Unfolding Coronavirus Conditions Present Unprecedented Challenges For Manufacturers

The patchwork of federal, state and local laws addressing leaves of absence, protections of people with disabilities and a manufacturer’s general obligation to provide a safe workplace come head-to-head with public reports of an evolving situation.  Right now, the CDC admits that “[m]uch is unknown about how the virus that causes COVID-19 spreads.”  Manufacturers should be prepared to respond before an identified local outbreak.

As manufacturers face the complex issues presented by coronavirus, courts, legislatures and policy makers will address the legal challenges in greater detail.  Today, a manufacturer’s legal response will depend on (i) the location of the manufacturer’s facilities, (ii) the manufacturer’s current policies and practices, (iii) local and state legal obligations, (iv) the location of the customer or event, and (iv) the practical make-up of the specific manufacturer’s business.

The CDC has published Interim Guidance for Businesses, which can be found here.  Among other things, the CDC cautions that manufacturers should make sure that employment decisions are based on factors unrelated to the employee’s country of origin, race or ancestry, or other discriminatory criteria; encourage employees who are ill or may have been exposed to the coronavirus to work from home (if possible) or take leave; cancel business travel to areas of high infection or risk; and adopt cleaning and hygiene policies which can help stop the spread of disease generally.

It may also be wise for manufacturers to anticipate issues that may arise, train local managers and supervisors on appropriate responses and obtain prompt legal advice from skilled practitioners.  A list of issues that manufacturers may want to consider are set out below.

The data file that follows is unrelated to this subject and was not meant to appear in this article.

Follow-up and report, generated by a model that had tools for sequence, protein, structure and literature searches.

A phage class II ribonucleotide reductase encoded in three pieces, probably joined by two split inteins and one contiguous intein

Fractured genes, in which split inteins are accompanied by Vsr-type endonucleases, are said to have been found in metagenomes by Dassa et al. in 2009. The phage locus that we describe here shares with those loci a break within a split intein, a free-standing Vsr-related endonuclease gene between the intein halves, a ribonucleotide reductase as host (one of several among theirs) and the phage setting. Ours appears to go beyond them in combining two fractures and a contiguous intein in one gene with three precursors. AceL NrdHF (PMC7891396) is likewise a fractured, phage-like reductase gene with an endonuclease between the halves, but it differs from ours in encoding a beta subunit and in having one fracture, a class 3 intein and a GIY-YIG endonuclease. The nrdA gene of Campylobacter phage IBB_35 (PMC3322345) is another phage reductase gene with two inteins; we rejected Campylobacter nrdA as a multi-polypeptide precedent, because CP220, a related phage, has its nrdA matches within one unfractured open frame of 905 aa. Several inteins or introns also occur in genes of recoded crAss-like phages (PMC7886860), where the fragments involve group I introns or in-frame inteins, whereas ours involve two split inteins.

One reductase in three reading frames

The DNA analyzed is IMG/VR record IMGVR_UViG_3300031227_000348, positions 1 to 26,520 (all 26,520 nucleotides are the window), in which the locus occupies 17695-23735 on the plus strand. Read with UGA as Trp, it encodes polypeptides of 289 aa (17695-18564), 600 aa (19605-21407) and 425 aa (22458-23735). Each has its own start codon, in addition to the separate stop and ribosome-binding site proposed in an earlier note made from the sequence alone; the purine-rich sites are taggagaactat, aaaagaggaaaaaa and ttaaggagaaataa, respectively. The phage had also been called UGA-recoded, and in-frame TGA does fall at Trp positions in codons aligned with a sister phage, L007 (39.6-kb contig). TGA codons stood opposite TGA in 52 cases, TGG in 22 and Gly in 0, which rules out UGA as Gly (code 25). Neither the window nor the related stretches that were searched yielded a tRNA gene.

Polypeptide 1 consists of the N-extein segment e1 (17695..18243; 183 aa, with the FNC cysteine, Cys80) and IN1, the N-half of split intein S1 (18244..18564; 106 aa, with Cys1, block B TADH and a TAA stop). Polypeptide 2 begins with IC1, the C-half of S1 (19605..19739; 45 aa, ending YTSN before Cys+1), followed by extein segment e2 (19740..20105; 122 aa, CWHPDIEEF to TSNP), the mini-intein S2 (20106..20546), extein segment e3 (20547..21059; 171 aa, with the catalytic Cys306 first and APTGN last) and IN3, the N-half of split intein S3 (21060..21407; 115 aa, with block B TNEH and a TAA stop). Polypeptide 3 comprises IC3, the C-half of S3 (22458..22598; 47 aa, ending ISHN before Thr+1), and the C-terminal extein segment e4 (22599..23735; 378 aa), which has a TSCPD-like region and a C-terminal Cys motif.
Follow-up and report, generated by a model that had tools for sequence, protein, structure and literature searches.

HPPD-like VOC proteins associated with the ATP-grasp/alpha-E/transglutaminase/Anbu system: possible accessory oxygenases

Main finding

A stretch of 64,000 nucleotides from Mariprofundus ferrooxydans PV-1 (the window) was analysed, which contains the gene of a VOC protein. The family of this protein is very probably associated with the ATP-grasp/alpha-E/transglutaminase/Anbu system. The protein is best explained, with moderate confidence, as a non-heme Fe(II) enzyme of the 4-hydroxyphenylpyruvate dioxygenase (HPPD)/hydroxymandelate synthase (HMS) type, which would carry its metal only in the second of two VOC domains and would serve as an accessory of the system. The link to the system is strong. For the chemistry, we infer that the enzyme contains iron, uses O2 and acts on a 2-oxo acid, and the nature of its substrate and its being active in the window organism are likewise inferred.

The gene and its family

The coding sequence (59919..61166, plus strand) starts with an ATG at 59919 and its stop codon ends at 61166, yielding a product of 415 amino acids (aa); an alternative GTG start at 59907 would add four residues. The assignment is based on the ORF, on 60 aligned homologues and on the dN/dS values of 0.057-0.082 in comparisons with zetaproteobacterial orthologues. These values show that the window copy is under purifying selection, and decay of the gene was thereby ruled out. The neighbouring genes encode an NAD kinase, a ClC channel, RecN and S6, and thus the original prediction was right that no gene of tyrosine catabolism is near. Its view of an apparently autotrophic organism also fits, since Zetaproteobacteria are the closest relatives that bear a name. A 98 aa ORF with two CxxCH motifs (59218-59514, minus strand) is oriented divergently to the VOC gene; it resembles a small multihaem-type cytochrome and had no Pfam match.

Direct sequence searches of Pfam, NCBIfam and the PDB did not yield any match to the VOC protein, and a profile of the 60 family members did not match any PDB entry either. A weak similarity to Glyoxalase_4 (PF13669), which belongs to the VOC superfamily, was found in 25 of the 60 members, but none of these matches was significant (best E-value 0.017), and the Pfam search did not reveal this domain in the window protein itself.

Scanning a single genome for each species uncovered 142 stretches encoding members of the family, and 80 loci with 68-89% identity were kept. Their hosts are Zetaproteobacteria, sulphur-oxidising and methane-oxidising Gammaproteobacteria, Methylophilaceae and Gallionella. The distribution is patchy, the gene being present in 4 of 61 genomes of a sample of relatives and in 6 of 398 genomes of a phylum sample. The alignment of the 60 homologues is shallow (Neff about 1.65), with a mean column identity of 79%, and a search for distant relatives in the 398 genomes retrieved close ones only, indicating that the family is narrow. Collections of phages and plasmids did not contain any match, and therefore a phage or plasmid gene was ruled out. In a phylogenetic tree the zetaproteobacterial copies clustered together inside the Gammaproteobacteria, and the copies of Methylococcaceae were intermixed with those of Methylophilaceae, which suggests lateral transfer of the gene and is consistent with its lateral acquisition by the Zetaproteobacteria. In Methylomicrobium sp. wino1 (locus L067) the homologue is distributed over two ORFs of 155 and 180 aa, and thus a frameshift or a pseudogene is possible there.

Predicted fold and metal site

• Does the manufacturer require an employee to report any trip outside the United States, to a level 2 or 3 infected area, or to an area which may have exposed the employee to a person who traveled outside the United States or to an infected area?
  • Does the manufacturer require employees traveling to a level 2 or 3 infected area to stay home from work on either paid or unpaid leave? If paid leave is available, what rates apply and does the exempt or non-exempt status of the employee matter?
  • Will the manufacturer require an employee returning to work after being ill or in self-quarantine to provide a “fitness for duty” examination or medical clearance?
  • Will the manufacturer permit employees who fear workplace exposure from others to work from home or take leave?
  • If a manufacturer refuses to allow an employee to work, must the manufacturer pay the employee for the time or can it allow the use of paid sick, vacation or personal leave?
  • Does the manufacturer have a contingency staffing plan in the event of a local outbreak and are protections in place to make sure contingency labor has been trained?
  • Have any union bargaining representatives been consulted about the manufacturer’s contingency planning?